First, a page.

Elevate a festive winter dinner with recipes from a mountainside restaurant known for creative comfort food
Plenty of on-mountain restaurants have moved beyond bowls of chili and refrigerated sandwiches, but Cloud Nine Alpine Bistro, on Colorado's Aspen Highlands mountain, is something special. It’s not a cavernous chalet, but an old clapboard hut that, until the late 1990s, housed a ski patrol station. (Members of the patrol still come in through the back door before the restaurant opens for lunch, looking for hot coffee and good cheer.) The building then became a warming hut, with soup served through a window under a heat lamp. Even back then, the shack had a mystique that kept people coming back. Soon raclette—the Alpine cheese you melt on a tabletop grill—was also available. A wine list here and a few tablecloths there, and a bistro was born. Recently, chef Michael Johnston took the helm and brought in Colorado game, river trout, and local produce as he lightened up the menu—all while keeping the restaurant’s Alpine style intact.
Getting to Cloud Nine for dinner involves piling into a snowcat for a bone-shaking ride up and down the mountain. Lunch, which
is ski-in only, is also an option. You can plant your skis and poles in the snowbank along the deck, knock the snow from our
boots, and push through the door. Yes, it’s awkward to tuck ski boot–clad feet under the white tablecloths, and consult a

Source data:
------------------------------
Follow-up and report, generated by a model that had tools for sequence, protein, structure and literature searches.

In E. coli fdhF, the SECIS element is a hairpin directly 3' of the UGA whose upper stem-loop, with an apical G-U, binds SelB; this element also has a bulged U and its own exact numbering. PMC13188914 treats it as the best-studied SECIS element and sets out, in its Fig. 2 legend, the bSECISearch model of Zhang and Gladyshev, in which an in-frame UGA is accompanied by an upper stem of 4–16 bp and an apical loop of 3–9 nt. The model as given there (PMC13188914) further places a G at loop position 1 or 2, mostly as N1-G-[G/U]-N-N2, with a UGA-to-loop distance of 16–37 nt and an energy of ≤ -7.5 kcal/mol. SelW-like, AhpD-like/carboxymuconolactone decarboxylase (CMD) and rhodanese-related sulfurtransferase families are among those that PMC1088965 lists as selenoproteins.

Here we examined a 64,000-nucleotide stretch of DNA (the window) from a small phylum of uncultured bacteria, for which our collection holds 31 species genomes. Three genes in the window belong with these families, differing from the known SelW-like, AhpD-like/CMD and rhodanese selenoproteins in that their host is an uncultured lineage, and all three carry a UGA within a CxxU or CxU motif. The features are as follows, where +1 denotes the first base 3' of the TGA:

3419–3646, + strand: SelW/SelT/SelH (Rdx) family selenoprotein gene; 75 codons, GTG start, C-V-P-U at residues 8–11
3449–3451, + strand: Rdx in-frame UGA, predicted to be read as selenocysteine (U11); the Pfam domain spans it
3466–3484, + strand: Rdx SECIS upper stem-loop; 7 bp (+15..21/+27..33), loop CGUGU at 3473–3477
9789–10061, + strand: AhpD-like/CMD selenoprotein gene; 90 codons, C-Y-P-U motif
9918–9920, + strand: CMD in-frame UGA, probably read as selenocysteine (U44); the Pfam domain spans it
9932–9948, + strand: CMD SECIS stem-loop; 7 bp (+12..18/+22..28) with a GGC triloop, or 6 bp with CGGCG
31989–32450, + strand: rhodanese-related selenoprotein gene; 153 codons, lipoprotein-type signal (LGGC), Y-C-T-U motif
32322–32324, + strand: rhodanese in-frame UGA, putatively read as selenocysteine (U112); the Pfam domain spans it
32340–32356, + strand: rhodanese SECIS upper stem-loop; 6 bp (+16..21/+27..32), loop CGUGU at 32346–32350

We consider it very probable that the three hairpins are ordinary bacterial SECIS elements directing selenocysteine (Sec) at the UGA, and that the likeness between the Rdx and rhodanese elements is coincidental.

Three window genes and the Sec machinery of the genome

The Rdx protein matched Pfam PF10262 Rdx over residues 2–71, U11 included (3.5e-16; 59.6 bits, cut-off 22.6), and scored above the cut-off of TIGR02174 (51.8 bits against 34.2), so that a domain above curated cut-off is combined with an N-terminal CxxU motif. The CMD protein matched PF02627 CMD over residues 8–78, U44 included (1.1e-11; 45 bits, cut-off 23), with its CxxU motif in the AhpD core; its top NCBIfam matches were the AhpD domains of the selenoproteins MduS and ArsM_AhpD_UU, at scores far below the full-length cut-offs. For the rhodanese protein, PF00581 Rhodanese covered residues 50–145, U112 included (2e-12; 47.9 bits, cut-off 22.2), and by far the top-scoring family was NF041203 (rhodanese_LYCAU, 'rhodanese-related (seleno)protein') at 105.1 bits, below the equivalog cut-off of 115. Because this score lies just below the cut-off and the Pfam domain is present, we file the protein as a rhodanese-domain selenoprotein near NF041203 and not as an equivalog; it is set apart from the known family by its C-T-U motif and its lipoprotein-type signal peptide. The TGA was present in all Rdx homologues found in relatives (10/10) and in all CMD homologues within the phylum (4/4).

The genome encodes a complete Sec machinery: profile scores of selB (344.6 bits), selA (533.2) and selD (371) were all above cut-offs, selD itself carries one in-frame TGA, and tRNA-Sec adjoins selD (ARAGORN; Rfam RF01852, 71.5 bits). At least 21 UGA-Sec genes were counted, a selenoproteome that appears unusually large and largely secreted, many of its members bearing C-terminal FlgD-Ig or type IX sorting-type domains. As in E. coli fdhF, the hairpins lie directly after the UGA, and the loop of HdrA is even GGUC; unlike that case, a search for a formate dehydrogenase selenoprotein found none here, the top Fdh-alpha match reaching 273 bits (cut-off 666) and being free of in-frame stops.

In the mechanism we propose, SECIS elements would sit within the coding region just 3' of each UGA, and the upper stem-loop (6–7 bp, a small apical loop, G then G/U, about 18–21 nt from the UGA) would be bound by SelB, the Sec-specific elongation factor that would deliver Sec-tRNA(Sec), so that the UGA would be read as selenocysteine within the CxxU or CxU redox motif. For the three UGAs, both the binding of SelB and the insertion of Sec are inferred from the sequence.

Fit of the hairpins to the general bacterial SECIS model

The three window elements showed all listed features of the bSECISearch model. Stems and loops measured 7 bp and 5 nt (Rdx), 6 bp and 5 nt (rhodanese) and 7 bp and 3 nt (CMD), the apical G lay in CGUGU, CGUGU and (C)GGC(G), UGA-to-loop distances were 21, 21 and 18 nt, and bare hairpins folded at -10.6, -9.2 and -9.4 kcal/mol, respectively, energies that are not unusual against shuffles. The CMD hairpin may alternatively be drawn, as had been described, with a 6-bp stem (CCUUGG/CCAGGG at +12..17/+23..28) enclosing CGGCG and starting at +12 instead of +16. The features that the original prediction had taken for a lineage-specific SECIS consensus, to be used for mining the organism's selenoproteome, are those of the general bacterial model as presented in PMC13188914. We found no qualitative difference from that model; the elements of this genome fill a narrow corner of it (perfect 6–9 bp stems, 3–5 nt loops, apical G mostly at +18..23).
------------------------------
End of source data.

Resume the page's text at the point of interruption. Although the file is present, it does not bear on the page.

well-curated wine list while sporting performance fleece and helmet-matted hair. But that’s dissolved by Cloud Nine’s out-of-time,
If it’s sunny, there isn’t anything much better than lounging on the deck with a glass of wine and the view of Maroon Bells mountains at the end of a ski day. But if you’re not up for skiing in for your meal, just cook the restaurant’s decadent raclette or soul-warming Stroganoff, and you’ll get a sense of the Cloud Nine magic.
Cloud Nine Alpine Bistro, open daily in season (Dec–Apr) for ski-in lunch and snowcat dinners ($$$$; dinner Thu only; dinner reservation required); aspensnowmass.com/cloudnine.
“Raclette” refers to both a nutty, fruity Swiss cheese and the dish that’s made with it—the hunk of cheese melted in front
of a fireplace and the gooey top layer scraped off and eaten with boiled potatoes, pickles, bread, and sliced meats. Cloud
Nine’s chef, Michael Johnston, recommends melting the raclette in the oven if you don’t have a fireplace; in a cast-iron skillet,
it will stay melted for 15 minutes. To keep it oozy longer, set it on a warmer.
Recipe: Raclette (Melted Cheese)
Cloud Nine welcomes its guests with glass mugs of this steaming wine, garnished with a slice of blood orange when it’s in
season. Since glühwein (German for “glow wine”) is heated and infused with spices, don’t bother with your best bottle to make
it; just choose a red wine that you wouldn’t mind drinking.
Recipe: Glühwein (Mulled Wine)
This simple winter salad gets plenty of fresh crunch from a mix of radishes, and pungent richness from blue cheese. It’s good
without the apple too.
Recipe: Winter Radish Salad
At Cloud Nine, the trout are sautéed individually and basted with browned butter to finish the cooking. We’ve broiled them
all at once for an easier but equally tasty dinner.
Recipe: Trout with Root Mash
Rich, comforting, and full of deep, earthy flavor, this dish will convert any Stroganoff skeptic. Cloud Nine uses elk, but
beef tenderloin, particularly grass-fed, makes an easier-to-find and excellent substitute, since both are very lean.